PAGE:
The first one filled up in a matter of days.  The next is Memorial Weekend.  The ideas and inspiration keeps gathering force like stardust, and enchantment is all around.

 

Dinner and Movie Night-Spice and Herb Fish, Artichokes, and Spiced Cocktails

Dinner and a movie at home is one of our favorite “dates”.  Today we will make spice and herb stuffed fish with artichokes and a gingery, fruity cocktail.  The movie is “Burnt” with Bradley Cooper.  We loved it.  We love all foodie movies though.  This one was fast and fun and made our mouths water.

The Cocktail- This cocktail began a year and a half ago as my intern, Ethan, and I loaded a two quart jar with fresh peppermint, apple halves, and good rum as a Christmas present for Doug.  It is sweet and syrupy and delicious but certainly regular rum, or alcohol omitted all together, would be fine.

The base is delicious alone, really.  Load a pot with slices of ginger, turmeric, oranges, and fresh mint.  Drizzle in a generous amount of honey.  Pour over about four cups of water and simmer for one hour.  This mixture can sit in the refrigerator after it is done.

Rodney and Pat gave us a Soda Stream machine which carbonates water.  It makes fun “pop” and cocktails.

Fill a high ball with ice, pour in one or two ounces of rum, then half and half carbonated water and base.

The Artichokes- I do hope you indulge in artichokes.  They are completely delicious and nutritious and fun to eat!  Clip off any sharp points on the outer leaves as well as the top quarter inch.  Trip stem to one inch.  Place in boiling water with half a sliced lemon, 1 teaspoon of sea salt, and two cloves of garlic and simmer for 40 minutes.  Drain and cool.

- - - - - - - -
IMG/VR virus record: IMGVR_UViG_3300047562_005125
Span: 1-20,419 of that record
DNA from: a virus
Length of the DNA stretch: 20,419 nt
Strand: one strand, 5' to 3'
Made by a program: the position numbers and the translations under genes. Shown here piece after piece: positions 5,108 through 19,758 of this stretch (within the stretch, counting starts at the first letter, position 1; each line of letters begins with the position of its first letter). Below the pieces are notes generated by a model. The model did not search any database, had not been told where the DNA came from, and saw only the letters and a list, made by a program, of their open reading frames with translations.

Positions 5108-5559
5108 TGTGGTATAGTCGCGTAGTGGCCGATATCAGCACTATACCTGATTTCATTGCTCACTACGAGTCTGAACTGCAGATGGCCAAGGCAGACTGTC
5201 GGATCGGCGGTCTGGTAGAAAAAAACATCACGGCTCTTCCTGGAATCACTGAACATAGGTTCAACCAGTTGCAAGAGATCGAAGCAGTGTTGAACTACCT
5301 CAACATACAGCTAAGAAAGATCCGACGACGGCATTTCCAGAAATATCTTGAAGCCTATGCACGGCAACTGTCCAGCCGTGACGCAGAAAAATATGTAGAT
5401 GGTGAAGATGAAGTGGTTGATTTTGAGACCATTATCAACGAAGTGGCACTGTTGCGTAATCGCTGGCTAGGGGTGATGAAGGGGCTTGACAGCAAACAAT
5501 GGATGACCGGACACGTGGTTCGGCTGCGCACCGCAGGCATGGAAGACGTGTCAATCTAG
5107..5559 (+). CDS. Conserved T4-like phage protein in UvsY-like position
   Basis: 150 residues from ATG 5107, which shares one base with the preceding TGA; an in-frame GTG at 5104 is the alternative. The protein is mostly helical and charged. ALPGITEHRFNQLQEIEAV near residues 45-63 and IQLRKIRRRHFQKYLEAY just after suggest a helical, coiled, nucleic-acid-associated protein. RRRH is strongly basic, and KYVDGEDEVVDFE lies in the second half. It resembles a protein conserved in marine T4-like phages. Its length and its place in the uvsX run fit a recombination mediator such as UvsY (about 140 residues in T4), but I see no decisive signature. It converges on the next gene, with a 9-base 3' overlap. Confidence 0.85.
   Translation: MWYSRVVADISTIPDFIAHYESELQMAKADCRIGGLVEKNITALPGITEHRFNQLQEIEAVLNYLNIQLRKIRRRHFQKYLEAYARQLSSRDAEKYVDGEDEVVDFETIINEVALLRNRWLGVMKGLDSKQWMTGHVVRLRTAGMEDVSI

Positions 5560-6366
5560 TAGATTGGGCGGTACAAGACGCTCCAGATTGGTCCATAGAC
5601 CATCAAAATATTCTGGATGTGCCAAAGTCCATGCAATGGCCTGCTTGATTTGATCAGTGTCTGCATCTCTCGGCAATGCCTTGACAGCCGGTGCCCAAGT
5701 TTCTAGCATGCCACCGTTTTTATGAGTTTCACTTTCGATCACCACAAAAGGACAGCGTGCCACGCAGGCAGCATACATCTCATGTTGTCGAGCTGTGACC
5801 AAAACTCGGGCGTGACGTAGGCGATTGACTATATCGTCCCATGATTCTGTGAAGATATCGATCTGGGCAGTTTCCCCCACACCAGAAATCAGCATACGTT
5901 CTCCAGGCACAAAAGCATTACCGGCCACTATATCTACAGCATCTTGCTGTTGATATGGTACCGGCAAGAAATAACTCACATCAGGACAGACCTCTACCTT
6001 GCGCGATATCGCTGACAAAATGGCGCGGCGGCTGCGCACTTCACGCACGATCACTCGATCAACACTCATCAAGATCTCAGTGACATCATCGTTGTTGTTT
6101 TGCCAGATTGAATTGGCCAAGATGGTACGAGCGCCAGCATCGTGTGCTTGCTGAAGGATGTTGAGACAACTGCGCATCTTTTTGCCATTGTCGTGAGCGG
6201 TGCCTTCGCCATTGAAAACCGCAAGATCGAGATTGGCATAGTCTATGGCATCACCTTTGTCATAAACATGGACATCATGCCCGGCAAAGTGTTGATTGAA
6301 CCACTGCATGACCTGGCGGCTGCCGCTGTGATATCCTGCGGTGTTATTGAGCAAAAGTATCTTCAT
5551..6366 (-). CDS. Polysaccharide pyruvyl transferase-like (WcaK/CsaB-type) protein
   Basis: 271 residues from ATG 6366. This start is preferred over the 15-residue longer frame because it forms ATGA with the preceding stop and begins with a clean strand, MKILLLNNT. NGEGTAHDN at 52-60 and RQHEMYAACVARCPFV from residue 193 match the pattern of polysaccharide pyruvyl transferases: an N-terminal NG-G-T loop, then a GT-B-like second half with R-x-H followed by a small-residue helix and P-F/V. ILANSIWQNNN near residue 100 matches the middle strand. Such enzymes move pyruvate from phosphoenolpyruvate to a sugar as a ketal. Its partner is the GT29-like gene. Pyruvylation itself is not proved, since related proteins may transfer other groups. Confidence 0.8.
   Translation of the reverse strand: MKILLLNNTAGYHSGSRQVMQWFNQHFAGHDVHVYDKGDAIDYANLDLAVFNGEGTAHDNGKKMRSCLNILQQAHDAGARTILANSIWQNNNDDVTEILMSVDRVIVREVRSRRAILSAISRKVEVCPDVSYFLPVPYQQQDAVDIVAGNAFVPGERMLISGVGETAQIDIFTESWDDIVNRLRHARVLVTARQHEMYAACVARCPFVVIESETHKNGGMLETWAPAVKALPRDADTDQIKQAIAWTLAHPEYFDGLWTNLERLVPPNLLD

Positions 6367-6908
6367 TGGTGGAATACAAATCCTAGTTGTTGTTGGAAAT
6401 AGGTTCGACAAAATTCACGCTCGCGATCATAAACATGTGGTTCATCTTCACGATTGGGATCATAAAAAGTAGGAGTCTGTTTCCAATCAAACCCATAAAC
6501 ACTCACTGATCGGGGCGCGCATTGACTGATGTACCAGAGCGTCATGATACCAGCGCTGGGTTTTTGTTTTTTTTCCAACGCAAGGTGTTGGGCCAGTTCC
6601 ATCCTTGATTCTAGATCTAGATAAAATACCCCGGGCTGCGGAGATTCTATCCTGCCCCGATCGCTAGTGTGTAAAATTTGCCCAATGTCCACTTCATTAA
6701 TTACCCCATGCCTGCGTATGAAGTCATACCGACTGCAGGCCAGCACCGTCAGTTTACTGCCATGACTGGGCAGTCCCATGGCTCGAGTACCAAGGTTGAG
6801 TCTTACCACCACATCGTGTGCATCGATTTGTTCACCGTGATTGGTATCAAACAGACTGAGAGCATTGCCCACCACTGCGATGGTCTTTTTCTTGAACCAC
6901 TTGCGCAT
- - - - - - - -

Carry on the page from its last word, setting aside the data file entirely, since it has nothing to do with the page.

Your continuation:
To eat, peel off leaves and pull bottom part through teeth to get meat off.  As you get closer to the center the leaves get more tender and you will eat the lower third of them.  When you get to the center spoon out the fuzzy part and enjoy the whole heart and stem.

To make dip, place a quarter cup of mayonnaise and sprinkle with your favorite season salt.  I love the Market All Purpose seasoning from Savory.  It is full of smoky paprika.

The Fish- I used trout.  I love trout but any good fish will work.  Sprinkle inside of fish with garlic salt and lemon pepper.  Add 1/2 teaspoon of curry powder and grate 1/2 teaspoon of ginger and 1/4 teaspoon of grated turmeric and spread on inside of fish.  Stuff with sprigs of Thai basil, green onion, and peppermint (or whatever you have on hand).

Melt 1 Tablespoon of butter and 2 Tablespoons of oil (I used a flavorful orange and chili oil from Germany) in a frying pan.  Add fish and cook covered for 8 minutes.  Flip and cook another 5 minutes or until fish is cooked through.

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From my kitchen window, the snow is over a foot high and it is still blowing and snowing.  Another movie and foodie night might be in order!  Happy Eating, Friends.

 

 

 

 

Picking Personas (and cookin’)